Welcome to part 2 of the Primer on U.S. Corporate Earnings. Let’s look at the dance that’s developed between analysts, investors and companies around the issue of corporate earnings.
What’s included in the filings companies give to the Securities and Exchange Commission?
There are three types of financial statements included in SEC filings: the balance sheet, which is like a snap shot in time of the company’s finances; the income statement, which shows the particulars of a company’s finances during a specific time period, and the statement of cash flows, which tracks company cash. But inside these statements the information is dark and murky, full of twists and nuances.
How do I know which of these items are important when reading an earnings report?
One would think that sales and profit would be what’s most important to investors. That however is rarely the case.
The importance of the items is determined by people called financial analysts. Analysts are a fickle group. Analysts may consider one item for a specific company to be important during one quarter, but ignore that item in the next quarter and focus on something else. For one company, analysts may think inventory levels are important, for another company free cash flow or same-store-sales. The earnings forecast plays an important role as well.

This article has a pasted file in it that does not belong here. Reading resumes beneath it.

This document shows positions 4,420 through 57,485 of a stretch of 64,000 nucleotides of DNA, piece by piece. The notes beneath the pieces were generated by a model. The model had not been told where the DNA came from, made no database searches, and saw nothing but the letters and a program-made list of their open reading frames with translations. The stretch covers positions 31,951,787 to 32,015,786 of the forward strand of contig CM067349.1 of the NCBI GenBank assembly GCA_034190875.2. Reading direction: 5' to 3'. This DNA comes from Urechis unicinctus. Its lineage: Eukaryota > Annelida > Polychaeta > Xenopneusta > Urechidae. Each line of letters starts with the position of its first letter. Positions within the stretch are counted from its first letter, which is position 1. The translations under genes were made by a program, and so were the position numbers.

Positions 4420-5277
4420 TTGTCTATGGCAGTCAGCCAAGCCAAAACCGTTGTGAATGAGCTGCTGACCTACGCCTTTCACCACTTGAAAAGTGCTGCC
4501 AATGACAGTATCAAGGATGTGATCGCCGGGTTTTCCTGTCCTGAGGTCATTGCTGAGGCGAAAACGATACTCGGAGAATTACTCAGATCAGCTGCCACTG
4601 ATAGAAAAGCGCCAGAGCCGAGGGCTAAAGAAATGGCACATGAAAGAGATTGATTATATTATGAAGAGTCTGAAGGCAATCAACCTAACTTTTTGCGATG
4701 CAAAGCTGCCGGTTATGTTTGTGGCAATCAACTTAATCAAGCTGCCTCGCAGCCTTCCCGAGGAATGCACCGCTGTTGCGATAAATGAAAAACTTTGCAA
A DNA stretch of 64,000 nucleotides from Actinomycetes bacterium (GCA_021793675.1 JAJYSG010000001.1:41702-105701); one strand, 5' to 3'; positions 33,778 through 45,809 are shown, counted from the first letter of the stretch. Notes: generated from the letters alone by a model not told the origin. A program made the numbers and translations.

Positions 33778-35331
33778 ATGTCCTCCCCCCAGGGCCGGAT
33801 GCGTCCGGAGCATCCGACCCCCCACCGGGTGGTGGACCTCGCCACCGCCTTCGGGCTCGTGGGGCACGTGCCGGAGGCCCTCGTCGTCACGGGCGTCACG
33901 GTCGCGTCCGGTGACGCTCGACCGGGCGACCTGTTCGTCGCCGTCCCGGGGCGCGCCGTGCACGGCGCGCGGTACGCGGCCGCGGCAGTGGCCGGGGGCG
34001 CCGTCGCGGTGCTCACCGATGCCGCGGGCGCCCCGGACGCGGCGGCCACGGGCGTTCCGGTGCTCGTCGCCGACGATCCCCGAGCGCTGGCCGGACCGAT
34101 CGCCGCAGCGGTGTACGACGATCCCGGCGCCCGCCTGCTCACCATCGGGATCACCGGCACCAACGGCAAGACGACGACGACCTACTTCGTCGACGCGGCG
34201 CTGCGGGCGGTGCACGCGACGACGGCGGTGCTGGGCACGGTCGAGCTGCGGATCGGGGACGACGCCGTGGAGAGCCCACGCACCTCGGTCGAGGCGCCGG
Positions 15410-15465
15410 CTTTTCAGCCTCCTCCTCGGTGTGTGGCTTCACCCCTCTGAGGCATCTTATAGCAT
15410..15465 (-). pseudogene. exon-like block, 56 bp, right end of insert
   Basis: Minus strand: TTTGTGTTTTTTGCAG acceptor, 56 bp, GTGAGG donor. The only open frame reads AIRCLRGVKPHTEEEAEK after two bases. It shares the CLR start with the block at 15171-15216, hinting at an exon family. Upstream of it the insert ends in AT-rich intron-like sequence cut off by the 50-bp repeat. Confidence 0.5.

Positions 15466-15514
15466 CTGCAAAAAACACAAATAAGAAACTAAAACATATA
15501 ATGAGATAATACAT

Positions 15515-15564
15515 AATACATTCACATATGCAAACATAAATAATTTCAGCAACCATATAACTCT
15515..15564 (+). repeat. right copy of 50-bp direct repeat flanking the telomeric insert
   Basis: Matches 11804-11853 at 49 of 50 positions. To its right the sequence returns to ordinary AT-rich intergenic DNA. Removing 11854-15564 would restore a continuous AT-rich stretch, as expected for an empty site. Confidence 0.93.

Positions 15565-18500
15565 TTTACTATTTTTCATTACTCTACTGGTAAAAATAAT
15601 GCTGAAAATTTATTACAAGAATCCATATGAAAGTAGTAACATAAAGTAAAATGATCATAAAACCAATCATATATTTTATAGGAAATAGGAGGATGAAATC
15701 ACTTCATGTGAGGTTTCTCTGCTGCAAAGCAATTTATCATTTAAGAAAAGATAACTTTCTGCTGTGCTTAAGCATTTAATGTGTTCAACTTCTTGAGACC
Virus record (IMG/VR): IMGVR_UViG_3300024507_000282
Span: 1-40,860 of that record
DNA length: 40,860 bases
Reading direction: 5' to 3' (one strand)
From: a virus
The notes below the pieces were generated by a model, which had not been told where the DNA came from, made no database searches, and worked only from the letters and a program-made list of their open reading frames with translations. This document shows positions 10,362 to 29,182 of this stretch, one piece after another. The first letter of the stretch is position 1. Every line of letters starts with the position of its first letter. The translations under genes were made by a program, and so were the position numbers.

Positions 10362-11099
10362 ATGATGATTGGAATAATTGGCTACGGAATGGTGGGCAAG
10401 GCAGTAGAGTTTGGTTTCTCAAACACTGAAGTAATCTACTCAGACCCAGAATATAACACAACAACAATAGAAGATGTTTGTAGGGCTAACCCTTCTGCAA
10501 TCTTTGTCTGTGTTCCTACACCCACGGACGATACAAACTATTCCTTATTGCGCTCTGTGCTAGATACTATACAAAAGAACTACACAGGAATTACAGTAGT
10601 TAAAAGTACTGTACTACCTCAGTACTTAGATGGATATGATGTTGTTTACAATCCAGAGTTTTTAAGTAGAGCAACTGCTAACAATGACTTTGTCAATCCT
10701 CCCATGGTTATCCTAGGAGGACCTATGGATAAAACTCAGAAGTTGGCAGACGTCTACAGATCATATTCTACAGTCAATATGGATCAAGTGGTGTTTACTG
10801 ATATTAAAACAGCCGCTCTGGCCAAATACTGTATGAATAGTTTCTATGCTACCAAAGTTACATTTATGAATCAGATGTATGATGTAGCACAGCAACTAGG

If the company doesn’t favorably report the item the analysts are looking for in that particular quarter, the stock will drop. So a company’s profit and sales may rise substantially, but the stock will drop because the analysts were looking at something else.
What makes for a good or bad earnings report?
Whether an earnings report is good or bad is determined by how the company performed relative to what analysts and investors were EXPECTING. The stock of a company will react not to specific financial items like sales and profit alone, but how sales and profit came in relative to analysts’ expectations. So profit may have risen by 50 percent, but if analysts were expecting it to rise by 60 percent, then the company has missed analysts’ estimates. That’s considered a really bad thing.